Music is a shortcut to emotion, says indie singer-songwriter Jaclyn Bradley Palmer

Jaclyn Bradley Palmer highlights the importance of music in enhancing the sense of a film through her one-shot film Love the Body You're In

                            Music is a shortcut to emotion, says indie singer-songwriter Jaclyn Bradley Palmer
(Source : Getty Images)

An indie-singer songwriter and published music therapist, Jaclyn Bradley Palmer was first introduced to pop songs when she was a contestant on the 8th Season of 'The Voice of Holland'. As the only participant from America, she has been a resident of Los Angeles where her music was featured on TLC, VH1, MTV, HGTV, Time Warner, and Bravo. She believes that music can actually add character to a movie, as she has portrayed in her one-shot film 'Love the Bodies We're In'.

Her music video 'A Loaded Gun', which is against gun violence, was an official selection at the 2017 Orlando Film Festival. She also holds a Masters degree in music from the Colorado State University and has a Bachelor's degree in vocal performance from Indiana University where she studied opera.

In an interview with Meaww, talks about music as a healing force against depression and says that she has seen hospitalized patients move from depression to hope in three minutes from just one song. Excerpts:

What inspired your EP ‘Be it Wild or Poetic’?

The wild-hearted are often torn between the nostalgia that ties us to our past and the strong urges that lead us toward new experiences. This EP is about the strange struggle of living between the two.

What has been your most difficult hurdle in the making of your one-shot film?

The only semi-hurdle happened the day before filming when Eva Walterbolk, the artist who sings on the recording with me, became ill with the flu. Too sick to perform, we found actress Masruschka Poolman who filled in at the last minute. It was lucky for us because she brought something beautiful to the film, and pretty flawlessly at that.

Otherwise, this film was remarkably easy to make. It was the lovechild of many authentic souls and when things are meant to be, they just seem to flow. After much planning (especially with timing) by the director, Willem Serné, the entire film was completed in only three takes. We ended up using the second take. 

How has participating in ‘The Voice of Holland’ helped you grow as a singer?

As a singer, it reintroduced me to pop music. Before the show, so much of what I was listening to was singer-songwriter/folk music… It was really great to fall in love with new music again and that has definitely influenced my writing and listening playlists. It was also beautiful to be surrounded by so many other artists, now friends, who inspired me greatly.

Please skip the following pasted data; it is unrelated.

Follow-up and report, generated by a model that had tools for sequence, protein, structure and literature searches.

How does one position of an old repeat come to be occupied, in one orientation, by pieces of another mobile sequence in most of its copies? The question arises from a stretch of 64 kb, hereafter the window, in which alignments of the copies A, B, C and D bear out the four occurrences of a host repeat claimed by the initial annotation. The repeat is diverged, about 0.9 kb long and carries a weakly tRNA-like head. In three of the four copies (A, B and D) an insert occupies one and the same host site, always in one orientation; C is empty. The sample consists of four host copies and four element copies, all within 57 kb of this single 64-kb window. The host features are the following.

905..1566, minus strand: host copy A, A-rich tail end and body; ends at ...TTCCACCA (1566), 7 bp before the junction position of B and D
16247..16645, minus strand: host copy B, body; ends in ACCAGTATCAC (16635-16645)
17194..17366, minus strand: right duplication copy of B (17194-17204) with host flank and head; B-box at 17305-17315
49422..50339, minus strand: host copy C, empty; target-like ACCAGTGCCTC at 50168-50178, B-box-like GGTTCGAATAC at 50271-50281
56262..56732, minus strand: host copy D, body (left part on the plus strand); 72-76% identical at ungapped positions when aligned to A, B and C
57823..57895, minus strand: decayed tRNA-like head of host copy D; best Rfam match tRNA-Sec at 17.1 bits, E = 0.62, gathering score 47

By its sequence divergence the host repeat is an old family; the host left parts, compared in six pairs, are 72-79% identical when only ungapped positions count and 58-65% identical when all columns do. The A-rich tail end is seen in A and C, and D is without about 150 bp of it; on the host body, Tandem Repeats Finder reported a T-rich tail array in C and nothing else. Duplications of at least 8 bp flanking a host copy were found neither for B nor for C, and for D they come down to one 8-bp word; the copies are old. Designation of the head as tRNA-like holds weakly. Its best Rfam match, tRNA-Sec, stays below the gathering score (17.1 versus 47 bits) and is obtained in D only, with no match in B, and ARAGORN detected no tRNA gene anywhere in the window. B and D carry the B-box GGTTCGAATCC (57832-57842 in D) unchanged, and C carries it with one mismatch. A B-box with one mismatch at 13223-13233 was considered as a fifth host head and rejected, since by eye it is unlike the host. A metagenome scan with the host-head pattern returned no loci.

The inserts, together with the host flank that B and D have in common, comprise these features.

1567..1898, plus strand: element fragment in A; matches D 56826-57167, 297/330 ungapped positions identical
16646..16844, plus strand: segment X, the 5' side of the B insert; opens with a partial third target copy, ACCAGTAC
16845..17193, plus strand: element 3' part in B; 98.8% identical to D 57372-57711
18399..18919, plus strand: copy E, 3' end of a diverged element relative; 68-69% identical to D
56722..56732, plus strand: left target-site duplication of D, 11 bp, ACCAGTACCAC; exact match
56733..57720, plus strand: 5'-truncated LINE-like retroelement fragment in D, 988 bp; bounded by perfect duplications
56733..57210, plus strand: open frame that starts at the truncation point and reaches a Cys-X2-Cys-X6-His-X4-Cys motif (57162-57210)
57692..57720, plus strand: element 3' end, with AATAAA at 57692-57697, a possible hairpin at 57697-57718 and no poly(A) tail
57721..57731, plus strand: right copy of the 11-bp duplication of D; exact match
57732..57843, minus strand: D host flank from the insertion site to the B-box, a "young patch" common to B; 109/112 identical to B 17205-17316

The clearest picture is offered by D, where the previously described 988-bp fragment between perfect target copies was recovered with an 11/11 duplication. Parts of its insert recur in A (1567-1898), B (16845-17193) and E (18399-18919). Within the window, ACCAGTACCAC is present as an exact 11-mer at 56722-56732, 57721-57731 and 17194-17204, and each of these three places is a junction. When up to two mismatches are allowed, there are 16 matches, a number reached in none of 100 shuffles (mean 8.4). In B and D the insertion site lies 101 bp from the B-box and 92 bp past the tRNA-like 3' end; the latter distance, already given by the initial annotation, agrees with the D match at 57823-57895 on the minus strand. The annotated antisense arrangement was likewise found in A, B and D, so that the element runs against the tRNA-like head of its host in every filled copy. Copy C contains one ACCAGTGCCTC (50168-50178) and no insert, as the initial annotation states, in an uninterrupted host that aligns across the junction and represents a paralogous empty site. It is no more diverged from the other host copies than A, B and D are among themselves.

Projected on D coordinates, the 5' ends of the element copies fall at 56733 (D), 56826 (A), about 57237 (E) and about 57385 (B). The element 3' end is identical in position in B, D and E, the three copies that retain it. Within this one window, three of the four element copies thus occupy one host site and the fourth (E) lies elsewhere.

Could you tell us about your experience while working on your documentary ‘Made of Gold’?

It was a decade-long adventure to discover what happened to my great uncle who went missing during World War II. We learned so much about him and, in doing so, learned about ourselves as well. It was an unforgettable project.

How important is a soundtrack when it comes to the plot of a movie?

So important. I just watched the brilliant film 'Call Me by Your Name' and the music of Sufjan Stevens fit and enhanced the film so beautifully. Music is a shortcut to emotion, so the right song can allow you to feel exactly what the characters are feeling. 

Cleveland Magazine has named you one of the most interesting people in the city. What do you think actually makes your songs interesting?

My songs come from a real place. Bob Dylan said, “The world doesn’t need any more songs… unless someone’s gonna come along with a pure heart and has something to say. That’s a different story.” I hope that is what people feel with my music.  

What sort of effect does music therapy have on people?

I have seen hospitalized patients move from depression to hope in three minutes from just one song. I have watched families who don’t speak sing in unison around a dying relative. I have helped patients to write in music what they cannot say in words. Facilitating hospital music therapy and seeing these changes, through music, have been among the greatest joys of my life.

What inspired you to write ‘Love the Bodies We’re In’?

Listening to a lot of sad songs, namely that of Lera Lynn and Noah Gundersen. It was my way of getting out of my own head and into my heart during a difficult time and, at such times, it is much better to create art than to be at war inside.

Your song 'A Loaded Gun' is against gun violence. As one of the most divisive issues in the US, what do you think could be done about it?

I wish I had the one answer but I’d be a fool to think I alone have the cure. I do believe that a solution begins with more listening than talking and more peaceful action than turbulent surrender. Living in the Netherlands, I know a world with less gun violence is possible. Perhaps we can look to our neighbors for clues.

I believe an overall "unlove" is at the source of this issue. It’s amazing what happens when you, as an individual, decide to take responsibility for putting more love out into the world. It begins to ripple and spread.